Truck Spring Planks

Nelson Riedel, Nelson@NelsonsLocomotive.com
1/??/2012, last updated 11/10/2012

Springs:

The springs selected for the trucks are McMaster-Car #9657k134 shown in drawing above, 8 springs per truck.   Under no load the springs are compressed 1/8" for a force of about 55 lbs upward on the spring plank.    When fully compressed  at about 3/8", the spring force on the spring plank is about 160 lbs.  When used under a loaded skeleton log car, the car plus load roughly equals the 55  lbs force per truck.   A passenger will compress the springs somewhere between the 1/8" compression and the 3/8" compression.   A ~ 200 lb passenger centered on the log car will fully compress the springs in both trucks..     

Lower Spring Plank

The lower spring plank is a 11 7/8" length of 3/8" X 1 1/2" Hot Rolled Steel.     A 2" length of 1/2" square CRS bar with 1/4" hole is welded to the middle underside of the spring plank.    (If welding is not available a 1" X 1/2"  bar with 1/4" hole can be substituted for the square bar and 4  6-32 SHCS used to attached the bar to the spring plank. )   The spring plank in then sawed in half.  A 1/4" SHCS with nyloc nut though the hole in the 1/2" square bar forms a swivel.    

I clamped the arch bar supports to the spring plank and after they were adjusted to the correct position used the holes in the cast arch bar support tabs to spot the mating holes in the spring plank.  The holes were then threaded 4-40 and the arch bar supports attached with button head cap screws.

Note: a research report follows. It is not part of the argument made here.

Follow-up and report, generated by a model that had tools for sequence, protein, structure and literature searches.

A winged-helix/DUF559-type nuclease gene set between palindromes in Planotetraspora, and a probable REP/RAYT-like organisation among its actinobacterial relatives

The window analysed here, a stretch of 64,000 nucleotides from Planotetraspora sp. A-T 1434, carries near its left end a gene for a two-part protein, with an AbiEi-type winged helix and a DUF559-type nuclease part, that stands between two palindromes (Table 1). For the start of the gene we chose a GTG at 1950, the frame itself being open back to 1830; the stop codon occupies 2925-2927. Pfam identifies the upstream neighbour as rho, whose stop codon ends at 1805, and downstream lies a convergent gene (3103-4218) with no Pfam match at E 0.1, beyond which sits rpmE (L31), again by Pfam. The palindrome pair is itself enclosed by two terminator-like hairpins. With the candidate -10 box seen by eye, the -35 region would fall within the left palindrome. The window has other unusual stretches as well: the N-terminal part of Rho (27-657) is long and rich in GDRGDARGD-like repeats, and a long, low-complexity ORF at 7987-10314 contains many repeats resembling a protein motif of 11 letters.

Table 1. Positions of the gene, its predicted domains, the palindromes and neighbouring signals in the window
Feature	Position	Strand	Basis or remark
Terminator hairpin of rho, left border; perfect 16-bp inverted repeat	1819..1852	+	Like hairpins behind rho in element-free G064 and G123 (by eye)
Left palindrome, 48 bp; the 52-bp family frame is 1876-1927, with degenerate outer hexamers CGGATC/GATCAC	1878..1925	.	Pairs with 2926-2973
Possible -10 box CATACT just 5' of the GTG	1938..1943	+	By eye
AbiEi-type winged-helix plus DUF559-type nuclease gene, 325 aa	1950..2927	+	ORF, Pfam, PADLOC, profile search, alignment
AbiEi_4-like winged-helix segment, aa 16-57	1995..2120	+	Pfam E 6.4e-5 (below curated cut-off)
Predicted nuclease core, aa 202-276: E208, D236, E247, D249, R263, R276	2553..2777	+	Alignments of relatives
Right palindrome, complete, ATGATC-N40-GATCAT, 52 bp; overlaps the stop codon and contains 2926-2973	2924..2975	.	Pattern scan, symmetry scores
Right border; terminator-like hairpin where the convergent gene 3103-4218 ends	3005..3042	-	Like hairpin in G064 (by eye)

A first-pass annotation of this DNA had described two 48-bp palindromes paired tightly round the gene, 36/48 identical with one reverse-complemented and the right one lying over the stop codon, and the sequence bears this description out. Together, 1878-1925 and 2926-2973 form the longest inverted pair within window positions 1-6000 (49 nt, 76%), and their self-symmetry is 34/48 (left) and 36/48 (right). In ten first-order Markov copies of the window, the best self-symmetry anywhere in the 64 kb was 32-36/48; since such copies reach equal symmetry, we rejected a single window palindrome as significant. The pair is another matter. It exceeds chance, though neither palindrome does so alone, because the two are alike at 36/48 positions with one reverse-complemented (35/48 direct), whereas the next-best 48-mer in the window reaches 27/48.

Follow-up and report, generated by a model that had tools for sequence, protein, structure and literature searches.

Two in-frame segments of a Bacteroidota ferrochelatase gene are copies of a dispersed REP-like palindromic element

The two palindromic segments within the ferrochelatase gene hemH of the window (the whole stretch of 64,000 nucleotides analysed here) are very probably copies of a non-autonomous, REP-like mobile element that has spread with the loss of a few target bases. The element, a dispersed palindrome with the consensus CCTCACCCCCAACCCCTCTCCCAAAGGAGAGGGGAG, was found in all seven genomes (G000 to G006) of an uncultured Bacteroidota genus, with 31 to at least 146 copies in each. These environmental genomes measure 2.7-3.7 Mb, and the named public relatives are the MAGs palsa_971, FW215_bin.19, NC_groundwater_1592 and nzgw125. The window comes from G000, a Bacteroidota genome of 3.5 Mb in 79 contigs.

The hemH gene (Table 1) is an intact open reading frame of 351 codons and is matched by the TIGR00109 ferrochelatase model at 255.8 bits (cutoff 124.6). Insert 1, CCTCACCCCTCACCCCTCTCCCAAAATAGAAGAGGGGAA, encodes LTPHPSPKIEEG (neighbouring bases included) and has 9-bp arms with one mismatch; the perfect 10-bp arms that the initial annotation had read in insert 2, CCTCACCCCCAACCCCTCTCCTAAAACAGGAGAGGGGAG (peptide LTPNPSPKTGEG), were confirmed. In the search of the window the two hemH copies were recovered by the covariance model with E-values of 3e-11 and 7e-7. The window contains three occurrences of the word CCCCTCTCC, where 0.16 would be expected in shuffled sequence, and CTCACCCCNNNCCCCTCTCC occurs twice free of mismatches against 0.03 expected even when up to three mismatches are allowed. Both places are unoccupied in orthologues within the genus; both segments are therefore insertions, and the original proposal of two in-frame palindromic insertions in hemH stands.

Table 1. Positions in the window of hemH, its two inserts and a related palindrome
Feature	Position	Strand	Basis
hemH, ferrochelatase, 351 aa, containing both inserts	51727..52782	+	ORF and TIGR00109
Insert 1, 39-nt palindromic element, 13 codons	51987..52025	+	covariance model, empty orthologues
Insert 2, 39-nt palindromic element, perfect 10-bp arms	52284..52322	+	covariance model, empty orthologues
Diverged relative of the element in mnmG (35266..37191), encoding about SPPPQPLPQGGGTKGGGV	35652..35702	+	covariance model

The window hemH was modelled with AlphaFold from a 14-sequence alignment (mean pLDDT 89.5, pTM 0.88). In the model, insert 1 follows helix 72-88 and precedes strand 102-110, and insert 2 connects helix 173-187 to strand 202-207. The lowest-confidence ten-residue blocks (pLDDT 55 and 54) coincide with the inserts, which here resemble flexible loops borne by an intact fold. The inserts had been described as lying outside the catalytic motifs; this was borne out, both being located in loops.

Four 3/8" diameter 3/8" long aluminum rods with 6'32  SCHS through the center are used as studs to hold the inner four springs in position. 

The photo above shows a bottom view of a finished lower spring plank with ach bar supports attached.  

Upper Spring Plank  

The upper spring plank is a 11 7/8" length of 1" X 1 1/2" hot rolled Steel bar stock.  The 3/4" diameter hole in the center is for a 3/4" OD - 1/2" ID bronze  flanged sleeve bearing.  A 1/4" thick shim washer is  placed on the bearing to raise the top to the correct height of 3 7/8" above the rail head.  (The wheels I purchased were nearly 1/4" oversize so I actually used a 1/8" thick shim washer.)  

I first drilled the holes for the springs with a 1/2" drill with the tip penetrating about 9/16"  The holes were then finished with a 9/16"  end mill accurately positioned on the milling table.        

The car support blocks at the ends of the plank should match  the center bearing plus shim --- normally 3/8"  As mentioned above, my wheels were a little oversize so I made the blocks 1/4" high.   The blocks are securing with 4-40 SHCS in the bottom of the holes for the outside springs.  The screws are located as close to the ends as possible.   I drilled the holes in the plank first and then used those holes to spot the holes in the supports.   The 1/32" deep slots in the sides of the plank permit the plank to rotate slightly to accommodate uneven track. 

The studs in the lower spring plank hold the inner four springs in the correct position which in turn hold the upper spring plan in position.     

A couple photos of a finished upper spring plank is shown above.   Unfortunately, the fresh black paint makes it difficult to see the few details.

 

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